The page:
Jian Wang’s formative cello training was something of a triumph considering the restrictive conditions of his education in China, where artistic activities were closely controlled. The son of a cellist, Wang was taught by his father before entering the Shanghai Conservatory where he received special treatment, the director himself instructing him on a daily basis. Isaac Stern’s high-profile visit to China in 1979 and a tour of the USA by students of the Shanghai Conservatory in 1982 caused Wang increasing frustration over the highly didactic pedagogic method he experienced; but sponsorship from Chinese émigré Sau-Wing Lam (who had built a successful business in the USA) enabled Wang to study at Yale with his most esteemed role-model, Aldo Parisot.
From the evidence of his recordings it seems that Wang prospered under Parisot and his playing reflects a sensitive artistic personality. Perhaps unsurprisingly he is stylistically conventional, but distinguished by a notable breadth of tone and an immaculate, highly polished technique, no doubt encouraged by his association with Parisot. From his 1990 debut disc Chopin’s Introduction et Polonaise is lithe and clean with fluidity of tone, but employs a rather idiosyncratic slow vibrato on sustained notes in more reflective passages (a trait heard elsewhere in this small selection). The Barber Sonata from the same album is suitably dark-hued, with some very assertive playing in the outer movements especially and a fantastic precision to the attack in the first, whilst the fast-moving section of the middle movement is delivered with great excitement. Equally capable of intense introspection, Wang gives a compelling performance of the fifth movement of Messiaen’s Quatuor pour la fin du temps (2000), although here again the slow vibrato could admit more flexibility.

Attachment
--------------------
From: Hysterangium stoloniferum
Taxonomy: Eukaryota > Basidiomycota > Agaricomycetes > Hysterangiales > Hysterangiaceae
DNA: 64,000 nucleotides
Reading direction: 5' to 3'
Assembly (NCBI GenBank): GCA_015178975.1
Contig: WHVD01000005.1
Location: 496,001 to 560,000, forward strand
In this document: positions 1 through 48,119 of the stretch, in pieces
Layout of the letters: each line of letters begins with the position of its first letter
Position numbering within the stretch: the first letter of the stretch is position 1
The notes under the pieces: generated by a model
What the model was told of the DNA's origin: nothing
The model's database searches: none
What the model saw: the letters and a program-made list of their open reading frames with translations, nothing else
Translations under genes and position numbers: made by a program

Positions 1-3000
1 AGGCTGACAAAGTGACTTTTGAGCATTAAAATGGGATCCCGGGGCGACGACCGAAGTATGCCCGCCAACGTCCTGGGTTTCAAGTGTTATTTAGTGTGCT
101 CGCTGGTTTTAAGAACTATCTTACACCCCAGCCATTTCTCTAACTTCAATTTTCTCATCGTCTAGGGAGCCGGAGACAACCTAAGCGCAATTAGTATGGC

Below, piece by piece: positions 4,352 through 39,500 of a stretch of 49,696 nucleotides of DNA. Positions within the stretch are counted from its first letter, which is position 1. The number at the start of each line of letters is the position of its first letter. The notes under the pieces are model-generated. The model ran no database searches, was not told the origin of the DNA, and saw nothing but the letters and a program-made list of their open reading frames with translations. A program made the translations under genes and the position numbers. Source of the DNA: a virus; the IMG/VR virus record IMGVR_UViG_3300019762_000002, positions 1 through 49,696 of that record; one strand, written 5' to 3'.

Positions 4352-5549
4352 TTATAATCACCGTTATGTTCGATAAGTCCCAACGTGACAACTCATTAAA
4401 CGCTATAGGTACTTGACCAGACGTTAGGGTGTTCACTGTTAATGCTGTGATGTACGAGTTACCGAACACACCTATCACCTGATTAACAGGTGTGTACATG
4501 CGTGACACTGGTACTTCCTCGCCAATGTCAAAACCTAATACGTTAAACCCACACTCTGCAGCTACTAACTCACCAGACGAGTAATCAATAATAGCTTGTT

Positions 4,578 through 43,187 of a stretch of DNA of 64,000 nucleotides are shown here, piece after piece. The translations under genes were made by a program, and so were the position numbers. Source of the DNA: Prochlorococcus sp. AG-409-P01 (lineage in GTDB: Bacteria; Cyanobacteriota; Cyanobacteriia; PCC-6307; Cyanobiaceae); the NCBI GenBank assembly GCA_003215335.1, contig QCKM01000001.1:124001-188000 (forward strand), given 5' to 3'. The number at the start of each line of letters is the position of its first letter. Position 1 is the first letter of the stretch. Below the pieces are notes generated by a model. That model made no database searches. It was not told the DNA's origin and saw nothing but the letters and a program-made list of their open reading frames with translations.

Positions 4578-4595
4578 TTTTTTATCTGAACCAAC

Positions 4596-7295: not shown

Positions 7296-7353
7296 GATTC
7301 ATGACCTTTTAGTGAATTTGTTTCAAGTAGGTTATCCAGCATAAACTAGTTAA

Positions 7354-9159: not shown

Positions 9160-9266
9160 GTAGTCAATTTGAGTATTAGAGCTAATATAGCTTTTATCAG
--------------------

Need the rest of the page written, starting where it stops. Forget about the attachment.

By contrast, Wang’s performances of earlier material – here in the famous Boccherini B flat Concerto and the rather less well-known G minor Concerto by Monn (both 2003) – are particularly stylish, although the incorporation of performing practice research is perhaps outworked more in the orchestral contribution of the Camerata Salzburg than in Wang’s own playing. Nonetheless, there is a more sparing use of the vibrato creating cleaner sonorities, and the outer movements of both works are admirably lively and dance-like. Considered together, these selected performances epitomise the strengths of an artist who is successful on the world’s stage in spite of his initial experiences. Whilst not the most individual voice in present-day cello playing, Wang is nonetheless of the highest calibre according to current performance tastes and also holds the distinction of being one of very few internationally-known Chinese cellists of his generation.
© Naxos Rights International Ltd. — David Milsom (A–Z of String Players, Naxos 8.558081-84)